• Be able to continue to travel (ideally to the US or Asia monthly)
  • Flexibility for remote work
  • Earn at least my current salary or more
  • Team I enjoy working with
  • Product I believe in
  • Be able to influence strategy/direction
I kept that post-it note by my desk and looked at it multiple times a day.  Every night before I went to bed or any time I had some down time (often while traveling), I would think about that list and imagine myself in a new role where I had all of that.  I imagined how I would feel, how happy and fulfilled I would be, how much more balance there would be in my life.  I also focused on daily gratitude and recognizing the good things I had in my life - from a positive interaction with a customer to the adorable notes C often leaves for me around the house.  If you don't know, these are all the steps for what some call positive manifestation or positive visualization or even the law of attraction.  It's a little bit hokey and new age-y, especially for someone as pragmatic as myself, but I've always figured it can't hurt to focus on what's positive in your life and to at least put what you want out into the universe.

Plus, it has gotten me amazing results each time I have tried it in the past.  For starters with C, who matched every single thing I had put on my list. Even today, I often wonder marvel I ended up with someone as kind and generous as him. Or our apartment - we both had long wish lists of things we wanted and assumed we'd have to compromise on some things since after all, this is Paris and people spend months or even years trying to find a place that is even half-way decent. But instead, we found our dream apartment on our very first visit, in the area we wanted, in our budget - which is how we ended up buying an apartment when we hadn't even really been looking .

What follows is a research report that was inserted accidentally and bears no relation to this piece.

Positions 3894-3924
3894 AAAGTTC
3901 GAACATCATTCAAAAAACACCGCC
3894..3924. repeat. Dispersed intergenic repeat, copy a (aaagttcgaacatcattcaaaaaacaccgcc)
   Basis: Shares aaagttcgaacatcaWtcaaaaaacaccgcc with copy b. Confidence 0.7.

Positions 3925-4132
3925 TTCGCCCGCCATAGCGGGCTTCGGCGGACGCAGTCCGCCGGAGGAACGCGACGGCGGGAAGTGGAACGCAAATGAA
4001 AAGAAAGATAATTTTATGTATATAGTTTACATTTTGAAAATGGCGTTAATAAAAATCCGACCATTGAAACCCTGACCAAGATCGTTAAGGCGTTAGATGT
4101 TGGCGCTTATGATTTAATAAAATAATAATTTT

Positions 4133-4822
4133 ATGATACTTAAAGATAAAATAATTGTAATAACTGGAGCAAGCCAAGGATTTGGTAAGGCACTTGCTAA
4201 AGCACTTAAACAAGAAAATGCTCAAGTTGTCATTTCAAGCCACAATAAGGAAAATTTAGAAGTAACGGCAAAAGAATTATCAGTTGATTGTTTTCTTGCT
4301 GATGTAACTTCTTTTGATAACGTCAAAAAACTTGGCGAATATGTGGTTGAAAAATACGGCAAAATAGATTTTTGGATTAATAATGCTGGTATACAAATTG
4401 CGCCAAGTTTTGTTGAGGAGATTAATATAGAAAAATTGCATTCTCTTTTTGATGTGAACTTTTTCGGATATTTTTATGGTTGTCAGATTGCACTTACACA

But back to the job hunt. Ironically enough, or maybe not, a week or so after beginning to do the above steps daily, some top-notch job offers started rolling in. So much so that it got to the point where I soon had three extremely different but equally amazing jobs on the table.  And then I became paralyzed again by the choice.  I know, I know, poor me, right - three great job offers, boo hoo.  But which one to choose?  Could I really sauter le pas? Which one would leave me truly happy?  I waffled for a long time, I went back and forth, I made pro and con lists for each one but just could not pull the trigger.

Finally, a little over a week ago, I had an epiphany.  I was being held up by self-judgement.  Two of the offers were in the tech industry, working for French start-ups with amazing products, and the third one was in my current industry.  I was internally leaning towards staying in my industry, but couldn't admit that to myself because the other two were such incredible opportunities that would advance my career much quicker than the third option.

As someone who has always pushed herself to go higher/further, it was extremely difficult for me to admit to myself that I wanted the 'easier' option.  Half of me wanted the challenge and the passion of working for a start-up, but the other half of me knew how all-consuming it would be and that I just needed a break.  But that didn't stop me from feeling disappointed in myself for feeling that way.  Nor worrying about getting pigeon-holed for the rest of my career in my current industry.  So I waffled a bit more, but finally got some excellent advice from some wise girlfriends, and then pulled the trigger this week.

So it's official. Next Thursday will be my last day at The Company, I'll head straight after to my (soon to be former) colleague's wedding in the south of France, and then the following week I'll be gainfully employed by a British company in my same industry.  I had been planning on taking some time off in between, but some important industry events put the kibosh on that.   However, I'm happy to say that my new role will have me still working remotely (check), and I'll be traveling to the US nearly every month (check).  I've gotten a pretty decent salary bump (check), and I already know (and like) many of the people who will be on my team (check), and I'll have a lot of freedom to choose my projects (check).  Hopefully the grass will indeed be greener...